As the dancers master their steps and the musicians hone their performances, the costume makers, set designers and builders all work toward meeting their deadlines. The viewer shares a hectic day-in-the-life of dancers and instructors as the performance approaches, while the camera captures the excitement and anticipation as all of the elements come together during dress rehearsal. The program ends backstage in the highly charged atmosphere of The Nutcracker performance.
In 2002, Sugarplum Dreams received a regional Emmy award in the category of Cultural Affairs.
Five generations of Indiana stone cutters and carvers who have helped create some of the most beautiful buildings in United States architectural history.
This 28-minute video documents five generations of Indiana stone cutters and carvers who have helped create some of the most beautiful buildings in United States architectural history. With a mixture of interviews, historic photographs, archival film clips and period music, the program reveals a unique culture that values artistry and skill in stone work, yet is humble about its contributions to the building of America. Shot on location in Indiana, North Carolina, Chicago, New York, Washington, and the Florida Keys, the documentary transports the viewer from warm tropical seas of 300 million years ago to enormous underground quarries being worked by stone cutters today. This program is for anyone with an interest in U.S. architectural history, geology, art, and unique artisan cultures.
This documentary explores the affection Americans have for covered bridges, and includes a look at preservation efforts, history, construction, tourism and why covered bridges are important.
Spanning Time: America's Covered Bridges explores the affection Americans have for covered bridges. The program looks at preservation efforts, history, construction, tourism and why covered bridges are important.
“What's fascinating is how universal the feelings toward covered bridges are,” said producer Gino Brancolini. “Everywhere they have covered bridges, people develop an attachment and affection for their bridge. There are instances we heard discussed where someone wanted to tear out the bridge and put in a steel bridge and others would fight tooth and nail to keep it.”
The program contains interviews with preservationists, engineers, builders, restoration experts, tourists, historians and covered bridge aficionados. Because the bridges are often located on rural roads, the program provides incredible scenery from around the country.
The colorful history and elaborate restoration of the French Lick Springs Hotel.
The program traces the magnificent history of the hotel—from its days as a spa and unofficial headquarters for the National Democratic Party—to its decline after World War II—and finally to the multi-million dollar restoration that has recently been completed along with a casino, an additional golf course and full spa features.
Though the hotel itself dates back to 1845, even before the charter of the town of French Lick, it was the end of the 1800s before it grew to international prominence. Managed by Thomas Taggart in the early 1900s, the hotel became famous for its mineral spring Pluto Water and for its championship golf course, designed by Donald Ross. Taggart wanted to make the hotel a relaxing spa where people would stay for weeks at a time and return frequently.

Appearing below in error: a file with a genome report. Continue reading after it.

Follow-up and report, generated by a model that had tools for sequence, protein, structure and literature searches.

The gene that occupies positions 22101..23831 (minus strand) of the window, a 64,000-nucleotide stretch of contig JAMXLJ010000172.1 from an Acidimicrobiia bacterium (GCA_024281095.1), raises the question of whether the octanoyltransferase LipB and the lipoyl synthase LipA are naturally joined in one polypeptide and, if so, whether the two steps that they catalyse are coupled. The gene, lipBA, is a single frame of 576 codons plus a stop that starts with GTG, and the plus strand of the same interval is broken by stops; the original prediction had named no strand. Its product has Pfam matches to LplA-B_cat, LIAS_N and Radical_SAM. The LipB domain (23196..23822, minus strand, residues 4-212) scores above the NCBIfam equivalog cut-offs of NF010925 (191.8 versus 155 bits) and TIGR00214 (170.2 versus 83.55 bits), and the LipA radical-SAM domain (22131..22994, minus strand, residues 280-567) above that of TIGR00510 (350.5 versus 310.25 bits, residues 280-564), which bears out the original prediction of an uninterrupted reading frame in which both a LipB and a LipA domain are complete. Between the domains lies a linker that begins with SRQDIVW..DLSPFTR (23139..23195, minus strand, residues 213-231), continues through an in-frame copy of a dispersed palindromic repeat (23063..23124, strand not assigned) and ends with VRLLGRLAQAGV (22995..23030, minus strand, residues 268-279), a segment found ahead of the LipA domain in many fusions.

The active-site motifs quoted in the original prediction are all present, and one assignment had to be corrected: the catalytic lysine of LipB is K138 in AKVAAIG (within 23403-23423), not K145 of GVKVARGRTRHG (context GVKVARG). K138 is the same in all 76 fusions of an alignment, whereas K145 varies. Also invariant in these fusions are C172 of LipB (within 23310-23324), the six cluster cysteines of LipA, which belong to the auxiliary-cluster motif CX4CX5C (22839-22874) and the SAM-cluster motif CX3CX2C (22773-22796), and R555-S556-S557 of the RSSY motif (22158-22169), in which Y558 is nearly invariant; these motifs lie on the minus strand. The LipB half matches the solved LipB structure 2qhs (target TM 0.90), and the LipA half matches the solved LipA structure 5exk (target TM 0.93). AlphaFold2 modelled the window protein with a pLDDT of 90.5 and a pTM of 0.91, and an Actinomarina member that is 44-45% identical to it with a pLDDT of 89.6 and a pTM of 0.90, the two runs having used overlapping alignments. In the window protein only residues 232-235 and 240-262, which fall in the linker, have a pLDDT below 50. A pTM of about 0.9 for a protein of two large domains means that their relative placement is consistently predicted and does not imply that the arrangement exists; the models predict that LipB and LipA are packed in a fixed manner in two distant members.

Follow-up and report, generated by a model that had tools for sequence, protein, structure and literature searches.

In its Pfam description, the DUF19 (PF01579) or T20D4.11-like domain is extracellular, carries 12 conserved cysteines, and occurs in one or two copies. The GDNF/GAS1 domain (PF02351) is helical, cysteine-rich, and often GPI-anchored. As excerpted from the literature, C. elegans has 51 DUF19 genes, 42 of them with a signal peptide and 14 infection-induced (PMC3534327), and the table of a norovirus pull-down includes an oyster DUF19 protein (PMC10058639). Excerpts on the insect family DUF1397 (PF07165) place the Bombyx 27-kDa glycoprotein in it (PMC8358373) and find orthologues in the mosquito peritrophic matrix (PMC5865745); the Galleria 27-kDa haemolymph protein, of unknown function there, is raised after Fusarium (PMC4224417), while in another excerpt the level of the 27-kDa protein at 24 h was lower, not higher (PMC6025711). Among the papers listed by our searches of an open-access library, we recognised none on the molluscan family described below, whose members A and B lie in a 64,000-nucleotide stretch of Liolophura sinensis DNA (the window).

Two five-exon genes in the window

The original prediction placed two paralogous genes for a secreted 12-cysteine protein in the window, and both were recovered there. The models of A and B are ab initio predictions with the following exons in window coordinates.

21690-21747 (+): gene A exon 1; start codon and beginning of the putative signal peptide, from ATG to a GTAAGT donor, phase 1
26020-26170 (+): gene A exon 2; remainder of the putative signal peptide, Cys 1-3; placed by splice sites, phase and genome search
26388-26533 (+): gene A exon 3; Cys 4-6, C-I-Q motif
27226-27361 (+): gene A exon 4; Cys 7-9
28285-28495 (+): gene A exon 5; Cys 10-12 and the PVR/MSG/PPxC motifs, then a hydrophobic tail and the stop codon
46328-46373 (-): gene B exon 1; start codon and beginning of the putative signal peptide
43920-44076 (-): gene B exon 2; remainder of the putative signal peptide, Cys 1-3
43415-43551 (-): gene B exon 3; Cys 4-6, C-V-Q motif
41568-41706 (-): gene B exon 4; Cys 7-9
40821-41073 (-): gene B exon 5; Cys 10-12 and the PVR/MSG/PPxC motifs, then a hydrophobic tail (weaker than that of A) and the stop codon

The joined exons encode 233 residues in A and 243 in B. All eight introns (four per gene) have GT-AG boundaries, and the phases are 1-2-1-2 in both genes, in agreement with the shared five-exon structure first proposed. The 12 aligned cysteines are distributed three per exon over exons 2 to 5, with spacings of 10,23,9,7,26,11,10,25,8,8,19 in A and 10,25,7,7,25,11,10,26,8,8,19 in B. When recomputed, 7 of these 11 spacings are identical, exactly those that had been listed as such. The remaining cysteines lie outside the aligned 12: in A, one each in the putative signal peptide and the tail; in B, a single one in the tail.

Co-producer Ron Prickel notes that the hotel location was originally selected specifically because of the spring there and the “medicinal value” of the water. “There wasn’t really much in the way of medicine but it was rejuvenating. The Pluto Water was bottled and shipped all over the world. Their slogan was ‘If Nature Won’t, Pluto Will,’” Prickel said.
The hotel attracted famous people from politicians to movie stars. “Bing Crosby was there. Abbott and Costello did a big war bond drive there; the 1924 PGA tournament was there. In its heyday, the hotel had any amenity that was available in recreation at the time.
The program devotes significant time to the hotel’s history, along with the years of work that went into the restoration.
Painstaking attention was paid to detail in the restoration while also adding to the hotel. The Pluto gazebo and spring houses were restored, where visitors can still take a Pluto Water bath. In addition, the spa area was improved to include all modern amenities. The old conference center, where Roosevelt visited, has been turned into a buffet restaurant and a new conference center for larger meetings has been added with a walkway to the casino.
Prickel and co-producer Gino Brancolini said viewers may be in awe of the extreme attention that was paid to detail in the restoration. “It’s something someone could have done, restored it, and it wouldn’t have been as elaborate. But this was done right,” Prickel said. “It was done because the people involved wanted it done well,” Brancolini added. “The goal is to make it the premiere resort area in the Midwest and maybe the country. They have put a lot of effort to return it to the grandeur they once had.”
The rise, demise and restoration of the West Baden Springs Hotel.